To address the two-way analyzes of obesity and unemployment experiences, we only used PASS data from waves 3, 6, and 9, where the PASS survey individual questionnaire included a comprehensive health module. The height/weight and health-related behavior assessments are part of this comprehensive health module. We limited our sample to individuals who participated in at least two consecutive waves of PASS based on the comprehensive health module. Since three measurements over six years create a rather short longitudinal observation window, which severely limits the application of panel estimators and sample size models for less common forms of obesity (BMI ≥ 35 kg/m²).2 and BMI ≥ 40 kg/m2), we applied transition models where we defined the first measurement point of each three-year period as T and the second measurement point (three years later) as T + 3. Although all explanatory variables are observed in T, the corresponding outcome is reported in T + 3. So, and similar to Jusot et al. [10], we used wave 3 (2008/9) and wave six (2012) or wave six (2012) and wave nine (2015) tuples. Since individuals can be part of either tuples, we calculated cluster robust standard errors.

We narrowed the age range to participants aged 15 to 58 at T to exclude age-related transitions to regular retirement at T+3. Our dataset includes 5117 observations of individuals participating in waves 3 and 6 and 6244 observations of individuals participating in waves 6 and 9. In total, this results in 11,361 observations representing 8,226 individuals available for our analysis. A total of 3037, 2080 and 3207 persons participated in both tuples (w3/w6 and w6/w9), respectively, only in tuple w3/w6 and only in tuple w6/w9.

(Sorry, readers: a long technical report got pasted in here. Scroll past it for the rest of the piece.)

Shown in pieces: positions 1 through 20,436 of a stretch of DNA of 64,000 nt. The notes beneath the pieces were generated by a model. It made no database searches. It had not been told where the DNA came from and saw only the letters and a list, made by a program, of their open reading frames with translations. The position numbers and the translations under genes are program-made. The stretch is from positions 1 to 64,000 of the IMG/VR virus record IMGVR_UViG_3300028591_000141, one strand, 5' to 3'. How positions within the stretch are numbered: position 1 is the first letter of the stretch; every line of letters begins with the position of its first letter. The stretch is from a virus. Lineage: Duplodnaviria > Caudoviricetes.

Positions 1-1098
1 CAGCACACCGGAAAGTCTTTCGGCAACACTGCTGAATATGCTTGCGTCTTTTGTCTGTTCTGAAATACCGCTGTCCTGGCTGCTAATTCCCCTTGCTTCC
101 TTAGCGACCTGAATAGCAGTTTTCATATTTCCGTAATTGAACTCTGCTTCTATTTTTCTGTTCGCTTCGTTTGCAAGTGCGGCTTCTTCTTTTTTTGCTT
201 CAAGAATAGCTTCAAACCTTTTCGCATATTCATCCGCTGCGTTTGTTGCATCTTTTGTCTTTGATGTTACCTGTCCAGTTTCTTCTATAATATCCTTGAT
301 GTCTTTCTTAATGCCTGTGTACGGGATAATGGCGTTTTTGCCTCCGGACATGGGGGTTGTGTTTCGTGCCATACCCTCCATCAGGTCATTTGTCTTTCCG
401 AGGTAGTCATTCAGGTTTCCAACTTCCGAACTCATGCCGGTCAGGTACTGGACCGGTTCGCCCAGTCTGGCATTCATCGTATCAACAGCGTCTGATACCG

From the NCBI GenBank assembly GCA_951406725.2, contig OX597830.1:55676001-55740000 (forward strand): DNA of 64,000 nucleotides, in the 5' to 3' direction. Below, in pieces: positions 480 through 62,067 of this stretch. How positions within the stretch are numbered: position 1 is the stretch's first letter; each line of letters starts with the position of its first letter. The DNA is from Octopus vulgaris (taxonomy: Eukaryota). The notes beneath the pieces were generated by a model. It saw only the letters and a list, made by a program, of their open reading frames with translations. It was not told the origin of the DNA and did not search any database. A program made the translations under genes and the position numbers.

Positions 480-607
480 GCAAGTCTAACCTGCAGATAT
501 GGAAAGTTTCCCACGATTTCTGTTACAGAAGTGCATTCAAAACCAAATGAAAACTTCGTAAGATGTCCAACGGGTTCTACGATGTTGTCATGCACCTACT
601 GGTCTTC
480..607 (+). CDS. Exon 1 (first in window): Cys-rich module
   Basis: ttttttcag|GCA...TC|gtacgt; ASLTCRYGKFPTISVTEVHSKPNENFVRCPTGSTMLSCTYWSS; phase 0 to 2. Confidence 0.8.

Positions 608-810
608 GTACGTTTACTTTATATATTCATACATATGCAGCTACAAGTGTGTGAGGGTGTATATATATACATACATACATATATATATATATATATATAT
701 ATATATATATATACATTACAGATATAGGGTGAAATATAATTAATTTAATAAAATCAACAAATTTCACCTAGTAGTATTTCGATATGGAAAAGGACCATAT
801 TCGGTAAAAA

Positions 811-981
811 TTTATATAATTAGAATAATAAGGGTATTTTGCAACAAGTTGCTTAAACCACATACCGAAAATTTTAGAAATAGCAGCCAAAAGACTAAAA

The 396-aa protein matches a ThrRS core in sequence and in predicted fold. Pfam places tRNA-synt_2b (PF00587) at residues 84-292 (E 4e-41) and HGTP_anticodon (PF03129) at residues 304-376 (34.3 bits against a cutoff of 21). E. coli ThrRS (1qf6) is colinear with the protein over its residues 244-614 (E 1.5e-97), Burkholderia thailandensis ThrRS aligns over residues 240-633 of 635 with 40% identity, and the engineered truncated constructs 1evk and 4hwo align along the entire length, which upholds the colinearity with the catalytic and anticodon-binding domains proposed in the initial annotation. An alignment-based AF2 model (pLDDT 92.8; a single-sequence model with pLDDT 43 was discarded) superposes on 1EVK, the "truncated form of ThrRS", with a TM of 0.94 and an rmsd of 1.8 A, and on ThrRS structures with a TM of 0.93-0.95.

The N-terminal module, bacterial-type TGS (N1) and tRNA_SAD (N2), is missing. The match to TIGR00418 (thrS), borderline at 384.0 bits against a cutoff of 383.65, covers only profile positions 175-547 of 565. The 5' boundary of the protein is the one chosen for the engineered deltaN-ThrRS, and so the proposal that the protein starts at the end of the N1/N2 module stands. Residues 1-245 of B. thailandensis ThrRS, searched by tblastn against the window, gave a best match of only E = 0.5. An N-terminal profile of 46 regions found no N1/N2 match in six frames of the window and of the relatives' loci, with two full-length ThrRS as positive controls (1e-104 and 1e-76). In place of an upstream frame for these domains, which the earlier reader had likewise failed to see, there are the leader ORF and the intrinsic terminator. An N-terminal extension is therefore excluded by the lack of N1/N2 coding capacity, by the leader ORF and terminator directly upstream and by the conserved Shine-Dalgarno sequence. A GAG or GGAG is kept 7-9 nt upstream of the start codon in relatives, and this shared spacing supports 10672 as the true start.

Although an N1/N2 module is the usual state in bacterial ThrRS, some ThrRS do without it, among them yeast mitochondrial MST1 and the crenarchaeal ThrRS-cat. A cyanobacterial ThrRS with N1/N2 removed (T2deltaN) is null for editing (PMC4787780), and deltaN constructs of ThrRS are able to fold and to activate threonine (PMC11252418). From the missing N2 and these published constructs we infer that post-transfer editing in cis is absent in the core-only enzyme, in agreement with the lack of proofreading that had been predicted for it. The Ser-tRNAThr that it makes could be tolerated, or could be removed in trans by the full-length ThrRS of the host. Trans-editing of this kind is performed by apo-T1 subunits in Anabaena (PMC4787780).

Categorization of obesity groups and labor market status

We calculated the BMI of individuals according to the WHO definition based on self-reported information on height and weight. Both variables were assessed in PASS with a comprehensive health module, applied every third wave/every three years. Based on the WHO classification of obesity, three BMI thresholds were assessed [14]†

  • BMI ≥ 30.0 kg/m2 define two groups, which are below the limit of BMI ≥ 30.0 kg/m2 and people with a BMI ≥ 30.0 kg/m2

  • BMI ≥ 35.0 kg/m2 defining two groups; and

  • BMI ≥ 40.0 kg/m2 define two groups.